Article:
Raphael Sealey, Demosthenes and His Time: A Study in Defeat. New York and Oxford: Oxford University Press, 1993. Pp. 340. $55.00. ISBN 0-19-507928-0.
Reviewed by Brad L. Cook, University of Washington.
Macdowell comments (as did Jaeger over fifty years ago) that "Demosthenes has been much neglected by our generation." However, a casual glance at a number of recent works will show that quotations from Demosthenes crowd the text and footnotes. These works, though, are not about Demosthenes but use Demosthenes to attain their goal, viz. to investigate the process of government in Athens. S., in this new work, seeks to consider both Demosthenes and the functioning of Athenian democracy against the back ground of a narrative which covers most of the fourth century.
S. recognizes the ever-valuable work of Schaefer and does not attempt to rewrite Schaefer's work, in spite of the title. He discusses the turning points in fourth-century history, returning doggedly to the question of how Athens was led. S. has argued since his earliest publications against the theory that parties "defined by a distinctive program" (5), such as anti- or pro-Macedonian, war and peace, democratic and aristocratic, guided Athens through these years. From Schaefer to Cawkwell this construct has been the basis of our view of fourth-century Athens; S. believes, however, that political leaders were tied together by kinship and friendship, not by programs. Any answer to this question, including S.'s, will significantly effect the way in which we explain fourth-century politics.1
S. starts with the Peace of Antalkidas. He begins to trace out these political ties by finding men who are linked at least twice in our extant sources, arguing that such a record "is more likely to reflect alignment than accident" (12). If he can connect these links over a larger span of time, all the better. He suggests that some were influential among the Athenians and some, such as "Leodamas and his friend" (18), were not.
In his second chapter, Sealey steps back from the march of events to describe Athens, her manpower, financial stature, and grain requirements.2 An overview of the Athenian political system follows. This section addresses the recent work by Hansen, Sinclair, Ober, et al. on a multitude of questions, while remaining quite clear and uncluttered. The following three sections paint the larger picture, bringing in the other Greek states, the Persians, especially those in the north and in Asia Minor, and lastly the island of Cyprus and the affairs of Evagoras. The third chapter, a useful commentary on Xenophon's account in the Hellenica, continues through the events of the late 380s and the 370s and concludes: "A picture, however incomplete, of the Athenian political scene toward 370 begins to emerge. There was several ambitious men and some of them were linked by ties of friendship" (73).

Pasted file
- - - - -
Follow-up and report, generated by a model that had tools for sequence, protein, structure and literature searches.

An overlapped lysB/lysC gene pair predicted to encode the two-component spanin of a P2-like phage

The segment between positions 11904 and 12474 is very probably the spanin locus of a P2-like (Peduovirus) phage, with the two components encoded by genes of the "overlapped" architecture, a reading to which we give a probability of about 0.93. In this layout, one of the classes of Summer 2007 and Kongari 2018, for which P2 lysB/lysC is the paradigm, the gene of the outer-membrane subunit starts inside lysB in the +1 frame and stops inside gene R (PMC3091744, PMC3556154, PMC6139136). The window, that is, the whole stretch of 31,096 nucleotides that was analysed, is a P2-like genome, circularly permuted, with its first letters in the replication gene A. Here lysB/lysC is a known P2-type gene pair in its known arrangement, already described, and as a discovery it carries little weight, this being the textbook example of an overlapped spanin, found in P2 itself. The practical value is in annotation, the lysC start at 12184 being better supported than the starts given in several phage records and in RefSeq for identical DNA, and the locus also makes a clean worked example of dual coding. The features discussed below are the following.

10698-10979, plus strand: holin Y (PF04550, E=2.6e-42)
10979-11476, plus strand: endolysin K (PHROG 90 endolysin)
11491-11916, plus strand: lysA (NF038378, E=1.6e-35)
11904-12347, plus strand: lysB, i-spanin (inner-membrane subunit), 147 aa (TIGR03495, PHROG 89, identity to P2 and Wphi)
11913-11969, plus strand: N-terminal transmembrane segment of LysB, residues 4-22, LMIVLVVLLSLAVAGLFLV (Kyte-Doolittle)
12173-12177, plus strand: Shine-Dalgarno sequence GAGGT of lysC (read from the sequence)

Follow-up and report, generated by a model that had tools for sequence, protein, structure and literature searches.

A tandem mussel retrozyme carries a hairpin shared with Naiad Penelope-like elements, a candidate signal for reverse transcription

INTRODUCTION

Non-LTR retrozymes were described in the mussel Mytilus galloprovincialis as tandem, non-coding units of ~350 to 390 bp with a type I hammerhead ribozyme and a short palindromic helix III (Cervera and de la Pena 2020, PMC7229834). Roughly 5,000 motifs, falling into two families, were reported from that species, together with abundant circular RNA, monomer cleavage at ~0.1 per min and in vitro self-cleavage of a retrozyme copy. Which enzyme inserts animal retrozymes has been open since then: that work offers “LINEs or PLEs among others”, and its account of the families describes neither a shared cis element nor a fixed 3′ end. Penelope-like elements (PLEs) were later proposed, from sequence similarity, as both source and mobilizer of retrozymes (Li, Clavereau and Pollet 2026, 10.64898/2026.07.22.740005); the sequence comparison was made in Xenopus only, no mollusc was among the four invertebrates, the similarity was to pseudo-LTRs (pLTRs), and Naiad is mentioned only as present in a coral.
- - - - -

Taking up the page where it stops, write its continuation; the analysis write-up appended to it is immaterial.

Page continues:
In chapter four S. traces out the events of the 360s. Athens wanted to keep open her access to the grain from the Black Sea. As life in northern Asia Minor, Macedon, and Thessaly became more uncertain, Athens grew more wary. S. continues to follow the activities of a few key men as he works through these developing circumstances. Kallistratos, to whom S. attributes "a judicious realism, such as characterizes statesmanship of a high order" (94), takes a leading role. But soon Kallistratos is exiled and others crowd in to fill his place. In the last five pages of this chapter S. turns to the youth of Demosthenes and the prosecution of his guardians: by attacking his guardians Demosthenes was attacking their friends, thus establishing for himself a crowd of enemies against whom he would be forced to fight in the political arena as well. This is what Sealey wishes to emphasize, that private friendship was the basis of political ties, thus personal enmity the basis of public hatred. Though S. notes at the beginning of this chapter that "it will be proper to consider what incited him [Demosthenes] to take an interest in politics" (74), his answer to the question is nothing more than a hint and one that is not very well explained.